I'm not sure that I mentioned that I am running on my web host's Windows NT 5.0 system (Windows 2000).  I have found that I can creat a file with Perl in the root directory (not cgi-bin), change its permissions to 0777 with chmod, but am then unable to delete the file with an Unlink statement, due to a permissions error.  I can, however, delete the file with CuteFTP.  I have also tried omitting the Chmod step, but I still cannot delete the file with an Unlink statement.

It is strange that I have permission to delete the file with CuteFTP, but not with a Perl Unlink statement.  Can someone explain why that might be true?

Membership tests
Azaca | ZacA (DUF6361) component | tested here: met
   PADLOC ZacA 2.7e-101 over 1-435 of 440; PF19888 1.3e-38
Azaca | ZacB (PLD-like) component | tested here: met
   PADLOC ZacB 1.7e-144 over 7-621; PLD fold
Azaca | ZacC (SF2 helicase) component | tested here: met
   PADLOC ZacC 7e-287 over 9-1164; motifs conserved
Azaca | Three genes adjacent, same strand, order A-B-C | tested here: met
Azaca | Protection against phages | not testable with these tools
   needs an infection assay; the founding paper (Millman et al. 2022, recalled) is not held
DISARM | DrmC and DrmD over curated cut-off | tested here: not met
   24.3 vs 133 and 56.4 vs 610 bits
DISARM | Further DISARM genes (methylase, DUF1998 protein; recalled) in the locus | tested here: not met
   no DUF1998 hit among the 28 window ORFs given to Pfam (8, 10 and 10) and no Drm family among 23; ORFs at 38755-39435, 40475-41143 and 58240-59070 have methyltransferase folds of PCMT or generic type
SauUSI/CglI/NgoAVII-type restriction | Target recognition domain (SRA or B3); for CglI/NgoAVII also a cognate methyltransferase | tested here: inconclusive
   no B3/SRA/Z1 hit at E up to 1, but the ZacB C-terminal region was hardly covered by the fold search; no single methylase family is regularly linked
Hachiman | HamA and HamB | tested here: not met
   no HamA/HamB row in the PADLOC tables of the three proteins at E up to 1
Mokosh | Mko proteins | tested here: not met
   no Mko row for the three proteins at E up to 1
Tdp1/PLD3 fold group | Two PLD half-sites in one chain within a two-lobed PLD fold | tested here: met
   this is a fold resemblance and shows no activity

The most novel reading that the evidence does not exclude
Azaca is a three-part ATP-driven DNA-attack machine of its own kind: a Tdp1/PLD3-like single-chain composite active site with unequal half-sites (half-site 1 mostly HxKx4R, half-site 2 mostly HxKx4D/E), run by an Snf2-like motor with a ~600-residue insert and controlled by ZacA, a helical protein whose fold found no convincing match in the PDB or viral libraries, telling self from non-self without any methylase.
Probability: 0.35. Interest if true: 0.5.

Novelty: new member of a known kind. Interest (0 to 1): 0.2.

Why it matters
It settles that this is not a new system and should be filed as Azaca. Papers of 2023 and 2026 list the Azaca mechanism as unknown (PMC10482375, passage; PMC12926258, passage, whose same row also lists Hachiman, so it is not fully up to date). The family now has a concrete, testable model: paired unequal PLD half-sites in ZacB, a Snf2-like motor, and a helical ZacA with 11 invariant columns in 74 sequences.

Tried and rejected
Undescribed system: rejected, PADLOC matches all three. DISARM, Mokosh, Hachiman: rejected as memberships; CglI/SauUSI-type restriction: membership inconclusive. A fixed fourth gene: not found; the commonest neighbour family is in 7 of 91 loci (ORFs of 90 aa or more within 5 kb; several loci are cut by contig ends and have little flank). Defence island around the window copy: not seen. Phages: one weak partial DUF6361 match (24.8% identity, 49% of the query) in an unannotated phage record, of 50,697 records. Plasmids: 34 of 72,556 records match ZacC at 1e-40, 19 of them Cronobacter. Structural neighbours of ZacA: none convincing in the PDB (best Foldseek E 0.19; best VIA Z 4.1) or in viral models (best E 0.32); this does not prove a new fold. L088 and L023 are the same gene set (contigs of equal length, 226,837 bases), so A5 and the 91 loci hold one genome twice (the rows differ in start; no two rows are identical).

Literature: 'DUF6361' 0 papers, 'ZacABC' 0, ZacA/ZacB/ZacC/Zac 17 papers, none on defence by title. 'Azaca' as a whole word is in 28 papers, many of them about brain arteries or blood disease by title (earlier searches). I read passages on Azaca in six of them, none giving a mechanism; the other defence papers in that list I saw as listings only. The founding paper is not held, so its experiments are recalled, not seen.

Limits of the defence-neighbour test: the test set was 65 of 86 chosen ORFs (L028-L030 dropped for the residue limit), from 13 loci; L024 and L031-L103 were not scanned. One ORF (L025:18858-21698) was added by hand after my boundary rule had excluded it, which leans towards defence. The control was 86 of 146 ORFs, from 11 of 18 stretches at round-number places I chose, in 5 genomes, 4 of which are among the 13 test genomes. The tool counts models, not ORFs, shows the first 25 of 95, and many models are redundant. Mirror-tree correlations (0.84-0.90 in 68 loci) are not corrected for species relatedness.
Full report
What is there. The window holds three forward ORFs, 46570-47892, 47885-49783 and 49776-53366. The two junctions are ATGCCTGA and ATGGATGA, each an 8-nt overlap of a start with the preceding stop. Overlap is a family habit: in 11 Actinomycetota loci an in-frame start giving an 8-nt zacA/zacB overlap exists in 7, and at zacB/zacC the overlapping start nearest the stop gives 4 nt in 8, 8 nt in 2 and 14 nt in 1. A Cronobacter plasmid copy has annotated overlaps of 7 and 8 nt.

Tom Stover
stovertl1@att.net
rj2

Commented:
Probably because your script run as a user with limited permissions. Your script could send username/password of a user with more permissions to avoid this.

Author

Commented:
I don't fully understand the comment from rj2 above.  How can I tell which user my script is running as and which permissions are enabled for that user?  I would assume that I am the user and I have enabled all permissions in the IIS properties of my account. Also, how can I make my script send a particular username/password?

Tom Stover
stovertl1@att.net
Top Expert 2007

Commented:
Remember that the permissions that the webserver runs as and your own login are different, therefore it is quite understandable that you are able to delete files when the webserver process can't.

Author

Commented:
Mr. Tintin or Others: